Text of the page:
In a study published in the April issue of the journal Pediatrics, Dr. McKenzie found that about 26,000 U.S. children are treated in emergency departments every year for gymnastics-related injuries. Nearly 426,000 U.S. children aged 6 to 17 were treated in emergency departments for gymnastics-related injuries between 1990 and 2005.

As the popularity of gymnastics has increased, Dr. McKenzie noted, so have the physical demands on the young competitors, and this contributes to the apparent increased risk of injury in the sport.

"The increased skill level that you see and gymnastics practised at younger ages, that coupled with an increase in the intensity and the hours of training that are required to remain competitive, that's really led to the concern regarding the risk and severity and the long-term effects on young gymnasts," she said.

Olympic gymnasts must be 16 in order to compete, one of the changes brought in several years ago to decrease the pressures placed on athletes at very young ages.

However, to get to that level of competition, athletes must begin training much earlier.

Last month, 14-year-old elite gymnast Taylor Lindsay-Noel broke her neck after attempting a complicated dismount from the uneven bars while training at Seneca College. She remains paralyzed, with no feeling in her legs and only slight sensation in her hands. Her mother, Rowena Lindsay, has said she wants people to realize the danger inherent in gymnastics so that other children may be protected.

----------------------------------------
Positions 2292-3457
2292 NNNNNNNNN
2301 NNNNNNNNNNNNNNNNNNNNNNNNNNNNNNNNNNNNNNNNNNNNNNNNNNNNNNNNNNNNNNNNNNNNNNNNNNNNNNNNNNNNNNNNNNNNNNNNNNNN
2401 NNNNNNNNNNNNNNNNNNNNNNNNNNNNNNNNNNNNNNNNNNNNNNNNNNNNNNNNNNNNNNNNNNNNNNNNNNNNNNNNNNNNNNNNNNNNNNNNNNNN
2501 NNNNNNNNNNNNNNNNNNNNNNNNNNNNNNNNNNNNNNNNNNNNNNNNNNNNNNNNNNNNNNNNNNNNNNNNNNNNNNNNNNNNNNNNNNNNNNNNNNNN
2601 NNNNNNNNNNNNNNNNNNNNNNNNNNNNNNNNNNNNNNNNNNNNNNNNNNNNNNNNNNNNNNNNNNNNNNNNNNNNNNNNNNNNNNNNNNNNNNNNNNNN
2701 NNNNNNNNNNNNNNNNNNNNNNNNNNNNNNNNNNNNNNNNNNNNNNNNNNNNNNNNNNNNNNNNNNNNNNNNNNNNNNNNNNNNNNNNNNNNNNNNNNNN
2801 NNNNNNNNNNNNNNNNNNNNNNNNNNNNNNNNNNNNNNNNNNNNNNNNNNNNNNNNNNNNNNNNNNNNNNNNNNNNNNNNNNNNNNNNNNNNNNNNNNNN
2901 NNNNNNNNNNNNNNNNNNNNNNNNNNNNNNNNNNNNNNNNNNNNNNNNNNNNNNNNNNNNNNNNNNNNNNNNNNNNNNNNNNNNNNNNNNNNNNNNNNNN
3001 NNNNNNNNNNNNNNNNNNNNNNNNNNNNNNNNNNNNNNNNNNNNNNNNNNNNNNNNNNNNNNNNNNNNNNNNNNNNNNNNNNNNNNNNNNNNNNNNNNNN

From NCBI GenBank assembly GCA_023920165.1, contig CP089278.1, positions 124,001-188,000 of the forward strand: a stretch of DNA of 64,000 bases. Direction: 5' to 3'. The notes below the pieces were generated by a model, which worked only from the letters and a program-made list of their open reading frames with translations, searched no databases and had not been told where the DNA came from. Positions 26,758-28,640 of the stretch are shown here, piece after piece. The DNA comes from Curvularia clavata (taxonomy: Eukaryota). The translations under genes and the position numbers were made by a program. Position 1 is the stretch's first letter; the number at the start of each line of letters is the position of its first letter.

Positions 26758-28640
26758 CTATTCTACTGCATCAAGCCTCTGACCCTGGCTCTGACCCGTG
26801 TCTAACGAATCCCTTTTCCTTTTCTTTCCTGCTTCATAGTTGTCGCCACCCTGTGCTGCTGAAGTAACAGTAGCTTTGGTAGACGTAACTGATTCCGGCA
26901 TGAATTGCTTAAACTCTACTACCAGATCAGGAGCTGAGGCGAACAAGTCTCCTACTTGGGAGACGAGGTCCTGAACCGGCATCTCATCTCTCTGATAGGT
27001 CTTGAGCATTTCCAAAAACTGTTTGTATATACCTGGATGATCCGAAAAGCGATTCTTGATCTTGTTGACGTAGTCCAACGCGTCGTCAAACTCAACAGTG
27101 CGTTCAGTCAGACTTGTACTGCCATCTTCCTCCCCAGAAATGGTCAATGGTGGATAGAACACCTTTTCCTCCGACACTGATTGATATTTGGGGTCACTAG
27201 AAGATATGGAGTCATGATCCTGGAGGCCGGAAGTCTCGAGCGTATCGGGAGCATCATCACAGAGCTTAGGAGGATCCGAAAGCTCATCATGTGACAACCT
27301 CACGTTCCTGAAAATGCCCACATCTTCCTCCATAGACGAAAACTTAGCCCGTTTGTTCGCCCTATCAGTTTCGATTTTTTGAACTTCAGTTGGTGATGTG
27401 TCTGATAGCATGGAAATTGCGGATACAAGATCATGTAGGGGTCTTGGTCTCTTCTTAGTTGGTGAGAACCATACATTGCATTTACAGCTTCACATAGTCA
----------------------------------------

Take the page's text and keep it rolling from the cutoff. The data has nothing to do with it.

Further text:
Canada's gymnastics community is rushing to defend the safety of the sport following Taylor's devastating injury.

"She's been training at a very experienced club as far as we know," said Jean-Paul Caron, president and CEO of Gymnastics Canada. "It is a safe environment. She was under supervision of very competent coaches.

There are about 700 gymnastics clubs across Canada, many of which work with children of all ages in programs that range from low-level recreational exercises to elite-level training programs. The sport has become increasingly popular in recent years, fuelled in part by major successes by the U.S. women's gymnastics team in the 1996 and 2004 Olympic games.

Mr. Caron said there are rules and regulations in place that clubs must follow in order to ensure the safety of athletes.

However, the gymnastics federation doesn't actively monitor the activities at individual clubs. Any problems or indiscretions, such as young athletes training for excessive amounts of time or attempting moves that are beyond their skill level, are investigated only if they are reported by a complainant.

There are also no national limits on the hours gymnasts are allowed to train in Canada.

But Mr. Caron said coaches would not put athletes in harm's way. High-level coaches, he said, receive significant training in the area of nutrition, injury prevention and ethics. However, seasoned coaches say those elements are barely covered in the certification programs they must complete.

Chris Foo, head coach of the men's program at Gymnastics Mississauga, said that while Taylor's accident is tragic, it isn't a common occurrence that should negatively colour the sport.

"My natural reaction was one of shock and horror. I know her - I know her very well," said Mr. Foo.

"We can't keep taking a look at sports and knocking a sport, because accidents happen. Accidents do happen, but accidents also happen in everybody's general life. Whether they do gymnastics [or not], accidents are going to happen."